Richard Benson – The Valley

Margalit Fox – The Riddle of the Labyrinth

 

What a year for the women! Only two male authors made it onto the list this year. But a formidable year overall. Before Christmas I might mention a few stinkers too, and the books I liked least this year. You have been warned.

House Party

When I was a very small child and happened to be off school for the day, my mother and I would watch a television programme in the early afternoon that was called House Party. There would be one lady hosting and all her friends would come round and make stuff in different rooms of her house. In the dining room several people would club together over some raffia work or macrame. In the kitchen there’d be baking going on, and as a semi-permanent fixture in her lounge someone would be sticking seashells onto a lamp base. Seashells seemed to feature a lot; it was the seventies after all. I cannot tell you how much I loved this programme. I thought it was the height of sophistication and depicted an utterly desirable lifestyle.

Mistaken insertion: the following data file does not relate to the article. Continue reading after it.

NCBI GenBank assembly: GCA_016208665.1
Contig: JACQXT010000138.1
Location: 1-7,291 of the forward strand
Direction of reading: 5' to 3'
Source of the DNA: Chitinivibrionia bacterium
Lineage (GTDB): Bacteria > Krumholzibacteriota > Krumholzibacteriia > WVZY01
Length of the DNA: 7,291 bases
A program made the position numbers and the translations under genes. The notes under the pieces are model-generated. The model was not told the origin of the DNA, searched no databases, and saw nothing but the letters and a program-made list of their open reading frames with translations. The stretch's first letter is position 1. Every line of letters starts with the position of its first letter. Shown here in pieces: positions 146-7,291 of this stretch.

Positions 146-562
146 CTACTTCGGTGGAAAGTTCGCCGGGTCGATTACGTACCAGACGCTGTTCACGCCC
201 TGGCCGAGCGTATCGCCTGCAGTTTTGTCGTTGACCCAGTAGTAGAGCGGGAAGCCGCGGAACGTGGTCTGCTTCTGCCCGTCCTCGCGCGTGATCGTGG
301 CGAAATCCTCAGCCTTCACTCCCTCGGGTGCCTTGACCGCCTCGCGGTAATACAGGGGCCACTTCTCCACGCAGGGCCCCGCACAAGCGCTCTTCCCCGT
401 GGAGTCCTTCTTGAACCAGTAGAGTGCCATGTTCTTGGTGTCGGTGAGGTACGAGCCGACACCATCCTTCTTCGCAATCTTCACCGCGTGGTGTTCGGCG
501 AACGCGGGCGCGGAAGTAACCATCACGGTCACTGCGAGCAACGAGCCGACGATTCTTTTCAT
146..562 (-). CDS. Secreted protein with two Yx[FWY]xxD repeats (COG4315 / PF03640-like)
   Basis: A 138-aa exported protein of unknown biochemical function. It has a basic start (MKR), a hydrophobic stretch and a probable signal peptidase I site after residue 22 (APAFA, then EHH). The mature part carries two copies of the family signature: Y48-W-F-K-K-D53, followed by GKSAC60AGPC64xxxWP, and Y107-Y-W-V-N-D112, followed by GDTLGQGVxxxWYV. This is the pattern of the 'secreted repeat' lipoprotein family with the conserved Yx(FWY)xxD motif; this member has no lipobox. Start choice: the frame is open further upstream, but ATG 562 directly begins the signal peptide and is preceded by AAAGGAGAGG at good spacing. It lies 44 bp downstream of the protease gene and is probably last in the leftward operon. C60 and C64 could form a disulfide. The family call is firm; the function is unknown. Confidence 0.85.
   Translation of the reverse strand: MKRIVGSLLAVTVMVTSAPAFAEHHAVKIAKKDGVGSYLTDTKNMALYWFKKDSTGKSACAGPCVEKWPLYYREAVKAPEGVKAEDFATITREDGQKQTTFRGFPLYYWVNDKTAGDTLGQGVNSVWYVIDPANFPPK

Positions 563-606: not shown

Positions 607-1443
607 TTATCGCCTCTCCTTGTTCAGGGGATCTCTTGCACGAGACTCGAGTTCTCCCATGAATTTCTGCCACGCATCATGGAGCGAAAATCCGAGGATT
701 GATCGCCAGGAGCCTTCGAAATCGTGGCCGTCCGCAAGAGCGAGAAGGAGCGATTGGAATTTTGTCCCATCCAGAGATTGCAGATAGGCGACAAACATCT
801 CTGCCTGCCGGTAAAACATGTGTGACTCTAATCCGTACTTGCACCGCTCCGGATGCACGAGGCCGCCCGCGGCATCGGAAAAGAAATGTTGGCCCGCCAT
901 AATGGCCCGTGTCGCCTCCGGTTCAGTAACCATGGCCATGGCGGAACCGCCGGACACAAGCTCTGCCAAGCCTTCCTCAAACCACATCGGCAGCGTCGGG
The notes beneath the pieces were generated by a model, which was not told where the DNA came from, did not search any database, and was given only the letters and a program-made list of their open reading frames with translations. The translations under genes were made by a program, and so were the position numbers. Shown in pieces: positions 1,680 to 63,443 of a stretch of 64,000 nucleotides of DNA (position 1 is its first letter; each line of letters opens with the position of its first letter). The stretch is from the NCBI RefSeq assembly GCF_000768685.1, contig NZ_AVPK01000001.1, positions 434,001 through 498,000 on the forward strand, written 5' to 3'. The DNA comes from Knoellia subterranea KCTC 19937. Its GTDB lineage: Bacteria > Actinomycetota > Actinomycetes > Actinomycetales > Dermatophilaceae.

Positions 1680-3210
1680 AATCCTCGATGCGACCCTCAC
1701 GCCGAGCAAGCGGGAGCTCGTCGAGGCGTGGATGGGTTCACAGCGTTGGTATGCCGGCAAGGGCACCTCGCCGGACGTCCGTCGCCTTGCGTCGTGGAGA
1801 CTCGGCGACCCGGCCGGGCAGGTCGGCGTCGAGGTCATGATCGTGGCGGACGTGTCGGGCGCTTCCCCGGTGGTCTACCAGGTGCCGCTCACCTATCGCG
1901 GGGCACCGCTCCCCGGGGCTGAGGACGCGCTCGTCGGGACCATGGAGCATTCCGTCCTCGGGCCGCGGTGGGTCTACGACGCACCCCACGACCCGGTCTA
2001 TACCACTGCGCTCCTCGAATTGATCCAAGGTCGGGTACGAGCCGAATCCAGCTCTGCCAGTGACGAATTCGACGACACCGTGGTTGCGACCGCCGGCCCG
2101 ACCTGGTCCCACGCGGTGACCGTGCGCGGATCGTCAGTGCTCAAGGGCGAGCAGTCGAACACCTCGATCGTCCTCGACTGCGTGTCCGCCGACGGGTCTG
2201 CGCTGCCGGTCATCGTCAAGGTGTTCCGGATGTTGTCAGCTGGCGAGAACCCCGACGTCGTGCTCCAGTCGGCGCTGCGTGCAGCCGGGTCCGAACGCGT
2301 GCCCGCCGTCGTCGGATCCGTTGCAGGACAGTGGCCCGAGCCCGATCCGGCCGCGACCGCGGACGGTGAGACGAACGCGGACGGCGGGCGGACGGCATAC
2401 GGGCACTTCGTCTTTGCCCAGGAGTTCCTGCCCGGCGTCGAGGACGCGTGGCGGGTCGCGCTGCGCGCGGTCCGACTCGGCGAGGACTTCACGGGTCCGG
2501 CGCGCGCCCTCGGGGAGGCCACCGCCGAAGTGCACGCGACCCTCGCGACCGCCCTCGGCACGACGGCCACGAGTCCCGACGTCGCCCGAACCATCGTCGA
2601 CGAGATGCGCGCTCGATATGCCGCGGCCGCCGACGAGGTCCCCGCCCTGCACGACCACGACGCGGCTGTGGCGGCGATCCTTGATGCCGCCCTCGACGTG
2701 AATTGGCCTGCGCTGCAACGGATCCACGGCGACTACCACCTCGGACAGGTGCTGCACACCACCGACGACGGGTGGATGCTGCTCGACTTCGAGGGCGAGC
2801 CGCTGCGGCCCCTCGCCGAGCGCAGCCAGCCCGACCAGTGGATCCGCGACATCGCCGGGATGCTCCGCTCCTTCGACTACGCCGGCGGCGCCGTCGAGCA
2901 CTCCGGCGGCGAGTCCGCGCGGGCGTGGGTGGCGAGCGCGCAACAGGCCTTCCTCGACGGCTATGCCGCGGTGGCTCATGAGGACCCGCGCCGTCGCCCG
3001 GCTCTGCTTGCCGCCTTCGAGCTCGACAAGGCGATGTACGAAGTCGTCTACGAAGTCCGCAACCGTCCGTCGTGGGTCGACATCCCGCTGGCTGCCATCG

Well here at Litlove Towers we have been enjoying a variation on the above theme for the past week, which might be described as House Party in the Internet Age. Mr Litlove is spending the week in New York for work purposes, and I can’t say I was looking forward to it. Apart from anything else, I find it very hard to sleep when he is away, and thought it was quite likely I could go for a whole week without speaking to anyone else in his absence. It just so happened that after he’d told me, the phone rang and it was my friend, Caz, and after moaning to her about his trip she said, ‘Would you like me to come and stay with you?’ Caz works from home too and we’ve been friends since we were 11, so she’s been through the chronic fatigue years and knows my little ways. Then my son got in touch to say he thought he’d come for a visit. And so we have been hanging out together with our various projects, sometimes one to a computer, sometimes employed in more unusual and eccentric ways.